The ‘European Pillar of Social Rights’ and lifelong guidance for a fast moving labour market - Keynote speech by Alison Crabb (part I)
Alison Crabb, working in the European Commission since 1999, currently heads the Skills and Qualifications Unit in DG Employment, Social Affairs and Inclusion. In her keynote speech at the 2018 Euroguidance Austria Conference on 8 November 2018 she adressed the challenges of a fast moving labour market.
I am really delighted to be able to join you today. This is a special time in Vienna which hosts the 2018 Vocational Skills Week. And of course Austria currently holds the Presidency of the Council of the EU, so colleagues from your Ministries are doing a great job in Brussels chairing discussions on a whole range of policy fields.
The topic of my speech today is lifelong guidance in a fast moving labour market. Travelling here, I was thinking back to my very first visit to Vienna 25 years ago. I was a student at that time and starting to look ahead to the world of work, wondering what the future would hold.
Looking at the labour market of today, whether for young newcomers or indeed those of us who are already a bit older, I think it would be fair to say that a “linear” model of career progression is becoming a thing of the past. We’re in an increasingly fluid labour market in which people are moving around between jobs, between careers, between employment statuses, in and out of learning and training. So a much more turbulent environment than was the case 25 years ago.
It’s worth asking ourselves the question: is there such a thing today as typical work? We know from the EU Labour Force Survey that fewer than 60% of people now working in the EU are in full time indefinite employment. So in other words about 40% are self-employed, working part time, working through temporary agencies, or active in the platform economy.
How we work, and indeed how we live, is being shaped by the “megatrends” of global value chains, demographics and of course digitisation.
To introduce our reflections today, I would like to share just two statistics with you:
- The World Economic Forum in its recent report on ”The future of jobs” estimates that around 30% of workplace tasks today are being carried out by machines. Looking ahead 5 years, this is likely to be 40-60%: a huge jump.
- The other is from the OECD, which has been looking at the capacity of computers or artificial intelligence to carry out certain tasks. And they conclude that between 30% and 40% of the workforce is using cognitive skills like literacy and numeracy at a level which is equivalent to or below the current level of computer capabilities.
So we clearly need to look at new ways of working hand in hand with technology: not only “robotisation” but perhaps rather “cobotisation”, the interface between humans and machines. It’s time for some serious thinking about how that will impact on the world of work.
Turning now to the question of whether we are well prepared for these changes in both life and work, the answer in most countries in Europe is probably that we could do better. The PIAAC study put the spotlight on the significant number of low skilled adults in Europe. Around 60 million adults don’t have a functional level of reading, writing or digital problem solving – a challenge which goes far beyond the labour market and impacts on their chances of feeling comfortable and confident in everyday life.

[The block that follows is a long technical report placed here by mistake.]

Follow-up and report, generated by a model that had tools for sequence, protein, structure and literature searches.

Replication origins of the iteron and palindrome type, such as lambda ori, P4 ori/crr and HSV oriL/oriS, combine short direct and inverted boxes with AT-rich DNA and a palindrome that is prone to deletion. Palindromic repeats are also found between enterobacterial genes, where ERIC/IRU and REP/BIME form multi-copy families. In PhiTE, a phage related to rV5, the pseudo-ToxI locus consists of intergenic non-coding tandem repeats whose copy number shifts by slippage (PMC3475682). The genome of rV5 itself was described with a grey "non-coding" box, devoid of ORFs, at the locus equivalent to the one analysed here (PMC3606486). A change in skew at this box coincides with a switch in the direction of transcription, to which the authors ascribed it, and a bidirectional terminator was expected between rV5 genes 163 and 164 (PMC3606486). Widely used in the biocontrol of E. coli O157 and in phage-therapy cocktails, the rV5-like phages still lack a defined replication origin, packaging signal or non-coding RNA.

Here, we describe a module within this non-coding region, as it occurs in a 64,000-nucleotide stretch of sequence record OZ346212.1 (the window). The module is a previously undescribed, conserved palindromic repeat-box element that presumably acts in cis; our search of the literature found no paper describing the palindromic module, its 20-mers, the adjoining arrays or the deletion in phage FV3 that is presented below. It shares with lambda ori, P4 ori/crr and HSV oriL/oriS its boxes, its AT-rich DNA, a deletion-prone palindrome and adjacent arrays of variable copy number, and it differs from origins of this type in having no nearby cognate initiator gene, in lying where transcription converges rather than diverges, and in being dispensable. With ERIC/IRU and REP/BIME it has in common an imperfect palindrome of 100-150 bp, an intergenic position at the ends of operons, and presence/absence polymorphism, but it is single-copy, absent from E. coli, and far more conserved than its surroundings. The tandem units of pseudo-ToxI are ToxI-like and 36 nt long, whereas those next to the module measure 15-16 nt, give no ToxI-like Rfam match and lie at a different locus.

So where does guidance, our topic for today, come into this picture?
Guidance can perhaps best be described as a link in the complex chain which delivers lifelong and lifewide learning and working opportunities, bringing together employment issues, social issues, integration, productivity and innovation. Guidance has a key role to play in opening up these opportunities and that is what we will be talking about today.
Let’s start with a look at where we stand with EU policy on lifelong guidance. My first message is a positive one. We can see that guidance in the last 5 years has been underpinning all of our initiatives in the field of employment and social policy. Ranging from work on early school leaving to drive down the number the of young people leaving school without a secondary qualification; to the youth guarantee, reaching out to young people to guide them towards new opportunities; and tackling long term unemployment, reaching out to some of the most vulnerable on the labour market.
Guidance is also a red thread in the Skills Agenda for Europe. I would like to mention just three of our initiatives which are in the headlines at EU level at the moment and where guidance is clearly key to making them a success.
The first one is validation of non-formal and informal learning. In other words, the 80% of leaning which we know is happening outside and after initial formal education and training. In a fluid labour market, finding ways to capture, understand, make visible and give the right value to learning and skills will be key for people to go further on their employment and learning pathway.
By the end of next year, the Commission will report on developments on validation in each Member State and at European level since the 2012 Recommendation on validation invited Member States to put in place national validation arrangements. And we will look ahead at follow up measures, with proposals on how we could go forward together.
Alison Crabb, working in the European Commission since 1999, currently heads the Skills and Qualifications Unit in DG Employment, Social Affairs and Inclusion. Her team is working with Member States, social partners and other stakeholders to improve skills development and skills intelligence for better career choices, and to make skills and qualifications more visible and comparable.